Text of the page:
WHEN IT COMES TO POVERTY, the world has a short attention span. Seldom has that been demonstrated more clearly than at the Group of 8 summit that ended Monday, when an agenda that already gave short shrift to the problems of the developing world was largely hijacked by current events.
Just a year ago, global poverty was Topic A at the G-8 meeting in Gleneagles, Scotland, with the group of industrialized nations devising an inspiring agreement to relieve the crushing debts faced by many Third World nations and to boost development aid.
The summit's host sets the agenda, and this year's host, Russia, had other interests. President Vladimir V. Putin set out to focus on energy security, infectious diseases (mostly the scourge of bird flu, which so far is of almost no danger to humans, rather than real killers like malaria and AIDS) and education.
Russia didn't get much of what it wanted, thanks in part to the dangerous conflict between Israel and the Lebanon-based terrorist organization Hezbollah, which took up much of the time and attention of the leaders gathered in St. Petersburg. (It also prompted President Bush to utter a four-letter word during what he thought was an unmonitored conversation with British Prime Minister Tony Blair, quickly overshadowing more important news at the summit.) But the world's poor were far bigger losers than the Russians. No attempt was made to build on last year's progress or ensure that the promises made at Gleneagles are kept.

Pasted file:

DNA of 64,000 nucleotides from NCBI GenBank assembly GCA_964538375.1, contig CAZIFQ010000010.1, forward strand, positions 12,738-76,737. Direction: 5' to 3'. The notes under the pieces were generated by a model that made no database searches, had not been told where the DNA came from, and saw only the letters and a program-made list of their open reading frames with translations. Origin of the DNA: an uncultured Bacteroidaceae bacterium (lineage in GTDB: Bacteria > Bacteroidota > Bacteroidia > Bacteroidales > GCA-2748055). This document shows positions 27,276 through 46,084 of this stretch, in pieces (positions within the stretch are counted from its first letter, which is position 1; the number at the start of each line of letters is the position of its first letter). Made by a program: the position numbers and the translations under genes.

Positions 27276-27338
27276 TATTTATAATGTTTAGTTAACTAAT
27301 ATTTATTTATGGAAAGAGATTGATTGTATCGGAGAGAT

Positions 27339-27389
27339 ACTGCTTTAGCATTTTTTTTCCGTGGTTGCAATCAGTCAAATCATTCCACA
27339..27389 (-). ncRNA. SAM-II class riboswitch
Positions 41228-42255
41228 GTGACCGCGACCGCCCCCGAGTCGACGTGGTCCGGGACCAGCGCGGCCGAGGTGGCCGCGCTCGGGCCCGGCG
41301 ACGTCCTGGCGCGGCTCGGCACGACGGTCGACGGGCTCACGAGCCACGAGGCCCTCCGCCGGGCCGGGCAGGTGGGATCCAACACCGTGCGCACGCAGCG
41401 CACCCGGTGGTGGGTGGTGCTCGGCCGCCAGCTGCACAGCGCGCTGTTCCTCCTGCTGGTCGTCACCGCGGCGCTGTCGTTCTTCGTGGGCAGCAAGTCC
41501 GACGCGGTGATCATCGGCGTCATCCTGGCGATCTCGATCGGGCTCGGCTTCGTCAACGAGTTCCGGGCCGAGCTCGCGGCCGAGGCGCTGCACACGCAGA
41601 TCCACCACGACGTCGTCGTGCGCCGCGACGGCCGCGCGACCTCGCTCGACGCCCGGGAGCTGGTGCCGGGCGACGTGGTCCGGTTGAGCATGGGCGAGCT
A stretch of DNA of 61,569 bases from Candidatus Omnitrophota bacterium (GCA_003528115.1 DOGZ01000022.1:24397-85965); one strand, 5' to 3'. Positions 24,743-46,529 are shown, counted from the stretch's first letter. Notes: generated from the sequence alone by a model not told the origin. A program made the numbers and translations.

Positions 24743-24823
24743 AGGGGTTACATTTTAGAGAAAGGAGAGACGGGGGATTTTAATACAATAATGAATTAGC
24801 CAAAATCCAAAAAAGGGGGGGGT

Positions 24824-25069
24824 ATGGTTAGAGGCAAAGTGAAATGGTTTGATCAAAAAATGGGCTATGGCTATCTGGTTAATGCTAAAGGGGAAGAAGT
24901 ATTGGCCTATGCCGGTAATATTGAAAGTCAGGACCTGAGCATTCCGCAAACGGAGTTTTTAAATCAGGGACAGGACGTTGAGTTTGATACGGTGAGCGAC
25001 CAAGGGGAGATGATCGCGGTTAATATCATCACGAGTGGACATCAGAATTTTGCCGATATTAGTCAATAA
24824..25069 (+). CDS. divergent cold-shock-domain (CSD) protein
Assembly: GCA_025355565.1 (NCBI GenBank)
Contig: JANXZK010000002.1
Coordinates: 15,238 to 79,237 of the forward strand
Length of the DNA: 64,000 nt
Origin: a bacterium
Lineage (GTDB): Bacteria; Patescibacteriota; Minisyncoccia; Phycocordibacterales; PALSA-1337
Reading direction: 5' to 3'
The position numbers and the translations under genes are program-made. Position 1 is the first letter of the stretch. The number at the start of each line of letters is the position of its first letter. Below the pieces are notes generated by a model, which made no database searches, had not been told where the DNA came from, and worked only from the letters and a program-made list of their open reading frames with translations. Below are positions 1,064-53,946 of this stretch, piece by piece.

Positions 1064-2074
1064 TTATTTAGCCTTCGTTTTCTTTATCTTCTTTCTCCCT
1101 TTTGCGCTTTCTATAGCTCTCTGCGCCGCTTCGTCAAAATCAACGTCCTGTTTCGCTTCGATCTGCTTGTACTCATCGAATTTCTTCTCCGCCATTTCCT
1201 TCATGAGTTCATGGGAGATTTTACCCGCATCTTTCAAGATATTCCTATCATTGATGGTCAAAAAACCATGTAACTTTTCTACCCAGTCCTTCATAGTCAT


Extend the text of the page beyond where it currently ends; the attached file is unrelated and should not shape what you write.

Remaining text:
Perhaps most disappointing was the summit's failure to make real progress on the Doha round of World Trade Organization talks, which focuses on reducing farm supports and tariffs in industrialized countries that prevent agrarian nations from trading their way out of poverty. G-8 leaders paid some lip service to Doha, saying they are committed to reaching a deal within a month. But no new proposals were offered, and few hold out much hope that trade ministers can resolve their differences as leaders in the United States and European Union play a disgraceful game of chicken, refusing to budge until the other blinks.
U.S. trade officials somehow keep a straight face about their commitment to reduce farm subsidies while sticking to a proposal that would set a ceiling of $22.6 billion a year on subsidy payments -- $3 billion more than was paid last year. That's at least better than Europe's cosmetic proposal, which would allow the EU to boost its subsidies even more.
German Chancellor Angela Merkel promised Monday to make poverty the top priority of next year's G-8 summit, which her nation will host. That's encouraging. It would be naive to believe that, had events in the Middle East not taken such a horrifying turn, this year's summit would have made much progress on either trade or poverty. But at least Merkel's gesture shows that the campaign to attack the world's most pressing problem remains alive.